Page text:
• Christine Hoover's With All Your Heart: Living Joyfully through Allegiance to King Jesus. This book hasn't been the easiest to read. It's pointing out some sin in my life that has been uncomfortable, but I'm thankful for the words that she's put out there for me to work through. 
  • Ethan and I have read Mrs. Frisby and the Rats of NIMH together, and just finished the 4th Paddington book, Paddington Abroad, last week. Reading aloud with him after lunch has been a gift (and a needed screen break for him) with so much home time. We're about to start the first book in the Wingfeather series by Andrew Peterson. I've never read these aloud with any of the kids, but since I've been wanting to reread them, Ethan will be a willing participant along with me.
  • The Hiding Place by Corrie ten Boom. Natalie (the 14 year old) has read this twice in the last few years and I'm jealous. One of my favorites and most significant books in my life and I am overdue for a re-read.
There are always others on the shelf waiting to be read as well! I've really cut back on the number of books that I've bought in the last couple of years, choosing to utilize the library for the most part, but I've treated myself to a few used books the last few weeks and hopefully I'll come back and share those finds after I've read them.

Studying: I've been in a CBS (Community Bible Study) study of the minor prophets this year but when school let out mid-March, it ended. I've worked a little on finishing the lessons, but the class has moved to zoom meetings for the last 4-6 class times. To be honest, I don't have time (even with being home so much!) to do zoom meetings during the day ... it's hard with a 9 year old that wants help with math and other kids coming in and out for help as well. I've chalked this up to one of the unfinished things of the season and have pulled a study on James off my shelf to work through. Since he starts right off with a word about steadfastness during trials and handling it with joy, it seems like it might be timely.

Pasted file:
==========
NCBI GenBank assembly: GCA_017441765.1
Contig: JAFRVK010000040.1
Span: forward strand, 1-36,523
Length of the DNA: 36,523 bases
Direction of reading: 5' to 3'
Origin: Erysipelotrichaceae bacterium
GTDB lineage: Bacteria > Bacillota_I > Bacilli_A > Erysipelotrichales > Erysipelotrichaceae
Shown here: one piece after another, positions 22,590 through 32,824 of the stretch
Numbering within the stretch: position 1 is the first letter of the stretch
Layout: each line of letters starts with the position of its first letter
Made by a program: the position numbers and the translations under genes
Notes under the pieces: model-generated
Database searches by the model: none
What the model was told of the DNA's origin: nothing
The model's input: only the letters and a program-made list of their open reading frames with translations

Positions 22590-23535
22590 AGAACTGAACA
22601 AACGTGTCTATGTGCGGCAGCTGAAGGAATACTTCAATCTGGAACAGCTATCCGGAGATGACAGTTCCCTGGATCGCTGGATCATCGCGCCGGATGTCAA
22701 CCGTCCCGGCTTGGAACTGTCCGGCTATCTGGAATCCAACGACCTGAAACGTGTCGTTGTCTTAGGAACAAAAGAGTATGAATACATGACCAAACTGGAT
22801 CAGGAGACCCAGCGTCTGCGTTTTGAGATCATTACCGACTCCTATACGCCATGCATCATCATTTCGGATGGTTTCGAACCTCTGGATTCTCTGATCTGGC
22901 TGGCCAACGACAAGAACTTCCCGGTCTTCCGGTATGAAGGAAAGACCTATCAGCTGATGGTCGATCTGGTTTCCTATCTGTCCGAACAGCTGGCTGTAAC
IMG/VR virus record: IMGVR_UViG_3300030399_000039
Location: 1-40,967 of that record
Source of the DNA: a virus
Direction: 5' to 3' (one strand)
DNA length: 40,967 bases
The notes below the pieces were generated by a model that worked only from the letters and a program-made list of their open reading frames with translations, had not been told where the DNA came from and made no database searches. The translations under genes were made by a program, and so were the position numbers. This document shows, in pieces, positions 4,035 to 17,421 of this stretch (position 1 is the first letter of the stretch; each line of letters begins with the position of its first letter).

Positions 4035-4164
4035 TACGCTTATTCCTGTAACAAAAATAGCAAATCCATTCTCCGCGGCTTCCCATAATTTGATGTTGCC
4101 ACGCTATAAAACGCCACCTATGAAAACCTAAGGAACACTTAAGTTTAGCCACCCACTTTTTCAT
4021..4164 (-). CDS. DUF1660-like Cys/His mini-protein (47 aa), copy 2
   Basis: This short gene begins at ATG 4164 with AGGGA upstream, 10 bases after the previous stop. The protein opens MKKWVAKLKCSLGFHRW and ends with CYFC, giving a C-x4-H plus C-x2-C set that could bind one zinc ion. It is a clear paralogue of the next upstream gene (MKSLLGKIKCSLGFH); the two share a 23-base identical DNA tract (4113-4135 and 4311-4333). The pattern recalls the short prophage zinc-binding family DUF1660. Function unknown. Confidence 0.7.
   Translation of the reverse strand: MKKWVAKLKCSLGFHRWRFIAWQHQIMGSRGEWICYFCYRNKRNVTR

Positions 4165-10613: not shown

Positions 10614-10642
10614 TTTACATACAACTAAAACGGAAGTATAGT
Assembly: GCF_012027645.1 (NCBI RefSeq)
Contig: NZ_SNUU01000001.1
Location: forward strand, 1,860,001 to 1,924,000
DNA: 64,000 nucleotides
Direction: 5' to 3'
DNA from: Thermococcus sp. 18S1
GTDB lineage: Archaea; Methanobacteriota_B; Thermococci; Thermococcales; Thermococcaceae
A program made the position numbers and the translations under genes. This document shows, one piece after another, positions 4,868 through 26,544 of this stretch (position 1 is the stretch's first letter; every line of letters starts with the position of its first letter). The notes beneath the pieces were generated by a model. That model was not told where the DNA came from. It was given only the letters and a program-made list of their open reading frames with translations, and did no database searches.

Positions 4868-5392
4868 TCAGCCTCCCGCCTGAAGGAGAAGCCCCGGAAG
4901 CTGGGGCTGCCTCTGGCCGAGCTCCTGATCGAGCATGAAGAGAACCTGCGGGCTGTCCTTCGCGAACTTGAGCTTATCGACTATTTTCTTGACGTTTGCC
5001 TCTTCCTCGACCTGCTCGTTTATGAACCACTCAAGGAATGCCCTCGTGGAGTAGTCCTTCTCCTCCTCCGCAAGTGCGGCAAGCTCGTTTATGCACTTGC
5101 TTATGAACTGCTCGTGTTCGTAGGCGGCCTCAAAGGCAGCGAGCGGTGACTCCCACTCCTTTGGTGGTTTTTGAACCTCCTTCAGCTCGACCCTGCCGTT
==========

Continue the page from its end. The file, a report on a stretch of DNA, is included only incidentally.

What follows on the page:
Schooling: Several have asked me how it's been going with my two school girls returning home. (In case it's new info, our 16 year old is a sophomore at a public high school and our 12 year old is in 6th grade in public school. The 8th grader and 3rd grader and I are still in Classical Conversations / homeschooling). The 6th grader has settled back into working at home really well - huge props to her school, they have done an outstanding job getting packets of work together for the students. She works a little each day, and even knowing that it's review material and it won't be graded on return; the fact that she has a little work to do each day helps her have something to do and she's keeping up with it. My 10th grader is a different story - her school has NOT provided a lot of guidance or instruction while she's been out, unfortunately, and has really only encouraged the kids to use this time to complete any outstanding assignments. She doesn't have any so as of now, she's in the midst of a six week spring break or so. Nice for her, but I'm curious how they will handle the rest of the year's work? That's the question on everyone's mind ... along with whether or not they will call school in our state for the rest of the year. As of now, our two are supposed to go back the last week in April, but I'm highly doubtful.